if you've ever been admitted to a hospital and wondered about the incessant queries you might have received regarding your name, age and why you're there, consider that more of a blessing than an irritation.
This blog has noted in past posts the advent of electronic health records (EHRs) in hospitals across the country. For several years now, and pushed hard by a government initiative that promises financial incentives for facility compliance, EHR systems have been steadily put into place in most hospitals and clinics across the United States.
The above headline -- or anything similar to it -- addressing the damage claims of and payouts to injured plaintiffs in medical malpractice cases is bound to get a divided reaction among diverse camps of readers.
A number of medical regulatory boards and agencies in states across the country, including Pennsylvania, have likely paid attention to actions taken recently in Maryland aimed at reducing incidents of medical malpractice and patient harm caused by loose licensing procedures and other shortcomings.
There is one thing that jumps out in research conclusions concerning what medical interns do well and spend an inordinate amount of time doing each day at work: walking.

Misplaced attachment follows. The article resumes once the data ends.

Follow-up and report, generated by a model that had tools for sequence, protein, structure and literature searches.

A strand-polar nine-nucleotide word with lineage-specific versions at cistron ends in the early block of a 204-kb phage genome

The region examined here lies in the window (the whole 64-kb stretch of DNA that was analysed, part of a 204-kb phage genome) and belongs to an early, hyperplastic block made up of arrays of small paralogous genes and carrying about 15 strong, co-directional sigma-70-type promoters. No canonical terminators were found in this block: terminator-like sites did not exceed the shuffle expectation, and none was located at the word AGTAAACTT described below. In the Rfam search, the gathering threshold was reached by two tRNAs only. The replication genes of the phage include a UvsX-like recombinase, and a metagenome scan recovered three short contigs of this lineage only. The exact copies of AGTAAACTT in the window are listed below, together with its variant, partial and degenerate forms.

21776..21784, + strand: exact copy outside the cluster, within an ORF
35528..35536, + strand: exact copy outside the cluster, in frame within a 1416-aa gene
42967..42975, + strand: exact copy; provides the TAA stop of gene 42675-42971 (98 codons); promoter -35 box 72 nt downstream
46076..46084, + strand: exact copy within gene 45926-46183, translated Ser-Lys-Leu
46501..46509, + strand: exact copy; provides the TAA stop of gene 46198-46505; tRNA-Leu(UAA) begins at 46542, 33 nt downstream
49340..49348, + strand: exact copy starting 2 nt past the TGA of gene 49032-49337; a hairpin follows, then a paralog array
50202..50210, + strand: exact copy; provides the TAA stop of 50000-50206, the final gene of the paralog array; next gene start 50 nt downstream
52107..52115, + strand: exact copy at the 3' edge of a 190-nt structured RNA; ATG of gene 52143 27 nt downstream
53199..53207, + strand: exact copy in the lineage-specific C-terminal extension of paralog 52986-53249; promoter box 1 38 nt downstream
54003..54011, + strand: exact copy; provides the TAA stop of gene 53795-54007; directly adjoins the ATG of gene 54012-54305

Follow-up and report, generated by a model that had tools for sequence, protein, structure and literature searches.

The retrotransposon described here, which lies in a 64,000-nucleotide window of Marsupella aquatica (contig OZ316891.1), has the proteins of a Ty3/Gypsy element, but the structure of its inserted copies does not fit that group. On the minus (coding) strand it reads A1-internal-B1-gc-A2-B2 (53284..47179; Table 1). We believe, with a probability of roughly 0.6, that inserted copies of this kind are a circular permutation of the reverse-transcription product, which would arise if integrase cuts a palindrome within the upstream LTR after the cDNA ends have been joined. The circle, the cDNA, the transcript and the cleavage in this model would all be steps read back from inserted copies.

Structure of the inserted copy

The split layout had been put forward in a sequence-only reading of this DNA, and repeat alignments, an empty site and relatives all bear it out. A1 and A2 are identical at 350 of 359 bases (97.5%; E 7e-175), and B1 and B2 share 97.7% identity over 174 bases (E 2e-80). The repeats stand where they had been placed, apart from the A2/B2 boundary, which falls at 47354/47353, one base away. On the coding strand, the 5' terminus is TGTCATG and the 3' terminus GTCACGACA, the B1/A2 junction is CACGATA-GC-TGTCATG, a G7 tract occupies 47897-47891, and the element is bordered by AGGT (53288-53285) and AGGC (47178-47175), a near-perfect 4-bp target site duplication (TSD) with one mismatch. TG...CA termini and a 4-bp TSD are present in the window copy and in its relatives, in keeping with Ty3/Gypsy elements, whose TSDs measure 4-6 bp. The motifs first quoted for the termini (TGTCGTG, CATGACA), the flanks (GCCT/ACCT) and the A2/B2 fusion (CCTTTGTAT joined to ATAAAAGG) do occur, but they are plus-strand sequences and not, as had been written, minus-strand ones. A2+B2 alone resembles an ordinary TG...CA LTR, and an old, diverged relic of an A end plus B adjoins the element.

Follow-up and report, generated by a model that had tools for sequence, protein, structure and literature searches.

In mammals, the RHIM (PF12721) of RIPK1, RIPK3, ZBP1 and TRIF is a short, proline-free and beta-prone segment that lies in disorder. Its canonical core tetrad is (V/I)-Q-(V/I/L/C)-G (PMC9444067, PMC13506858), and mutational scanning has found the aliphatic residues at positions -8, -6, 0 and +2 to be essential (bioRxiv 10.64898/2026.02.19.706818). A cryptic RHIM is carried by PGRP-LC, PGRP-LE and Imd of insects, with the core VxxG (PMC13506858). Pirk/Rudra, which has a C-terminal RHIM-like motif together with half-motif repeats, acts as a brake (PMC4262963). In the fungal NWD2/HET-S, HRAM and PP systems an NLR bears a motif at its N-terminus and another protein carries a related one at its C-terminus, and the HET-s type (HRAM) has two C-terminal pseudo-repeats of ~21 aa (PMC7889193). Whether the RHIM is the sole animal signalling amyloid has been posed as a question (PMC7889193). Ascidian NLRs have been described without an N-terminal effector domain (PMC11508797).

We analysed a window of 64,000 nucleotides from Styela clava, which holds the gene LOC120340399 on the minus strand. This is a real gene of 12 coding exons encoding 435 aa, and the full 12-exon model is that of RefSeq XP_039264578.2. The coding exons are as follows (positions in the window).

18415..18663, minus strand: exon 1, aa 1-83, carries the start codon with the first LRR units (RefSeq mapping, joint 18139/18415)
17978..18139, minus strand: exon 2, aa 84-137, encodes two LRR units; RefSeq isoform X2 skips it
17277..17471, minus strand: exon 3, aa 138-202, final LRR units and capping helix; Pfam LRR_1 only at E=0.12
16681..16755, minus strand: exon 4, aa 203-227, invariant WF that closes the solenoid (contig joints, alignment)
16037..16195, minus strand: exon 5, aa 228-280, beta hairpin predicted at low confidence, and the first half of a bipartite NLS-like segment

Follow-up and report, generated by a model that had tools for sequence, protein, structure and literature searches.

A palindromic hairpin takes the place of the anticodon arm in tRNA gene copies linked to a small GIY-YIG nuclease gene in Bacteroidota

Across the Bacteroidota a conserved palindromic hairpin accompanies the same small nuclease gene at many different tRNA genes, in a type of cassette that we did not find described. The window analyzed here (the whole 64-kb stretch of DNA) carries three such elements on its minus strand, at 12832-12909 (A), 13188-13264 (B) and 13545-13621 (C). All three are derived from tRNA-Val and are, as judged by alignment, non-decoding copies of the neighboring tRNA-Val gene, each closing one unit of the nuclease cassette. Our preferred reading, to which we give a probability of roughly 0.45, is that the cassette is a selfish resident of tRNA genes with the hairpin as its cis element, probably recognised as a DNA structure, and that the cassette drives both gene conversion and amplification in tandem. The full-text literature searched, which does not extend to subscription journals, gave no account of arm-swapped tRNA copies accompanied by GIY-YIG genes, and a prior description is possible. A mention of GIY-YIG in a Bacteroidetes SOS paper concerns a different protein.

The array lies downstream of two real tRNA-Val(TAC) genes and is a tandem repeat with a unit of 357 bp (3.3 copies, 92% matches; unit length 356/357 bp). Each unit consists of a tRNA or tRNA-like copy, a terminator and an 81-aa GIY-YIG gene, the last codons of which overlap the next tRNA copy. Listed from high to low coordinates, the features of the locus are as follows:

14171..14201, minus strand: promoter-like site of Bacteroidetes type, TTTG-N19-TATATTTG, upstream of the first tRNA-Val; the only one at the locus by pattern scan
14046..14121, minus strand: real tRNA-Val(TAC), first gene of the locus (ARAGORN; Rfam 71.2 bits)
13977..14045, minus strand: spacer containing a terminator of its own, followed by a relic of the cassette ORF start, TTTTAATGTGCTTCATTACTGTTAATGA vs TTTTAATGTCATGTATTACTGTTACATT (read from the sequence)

It's the people.
There is truly a "wow" factor related to much about the medical industry. To many people, that increasingly has more to do these days with s sheer disconnect in logic than it does with improved health outcomes.
The saga and sad legacy of compounding pharmacies plays out continuously in the media as new developments emerge in the wake of last year's fatal meningitis outbreak caused by unsafe practices at the New England Compounding Center in Massachusetts.
How does a doctor learn to put the patient first? I'm not so sure that in this day and age, many doctors do. In my opinion, that is because doctors are no longer trained to even know "how" to put a patient first. In the "good old days" we learned to put patients ahead of ourselves in ways that are no longer allowed. Let me explain.
A closely watched trial alleging negligence against the largest medical insurer in the country for its failure to adequately oversee a surgeon accused of thousands of acts of medical malpractice over many years has come to an end.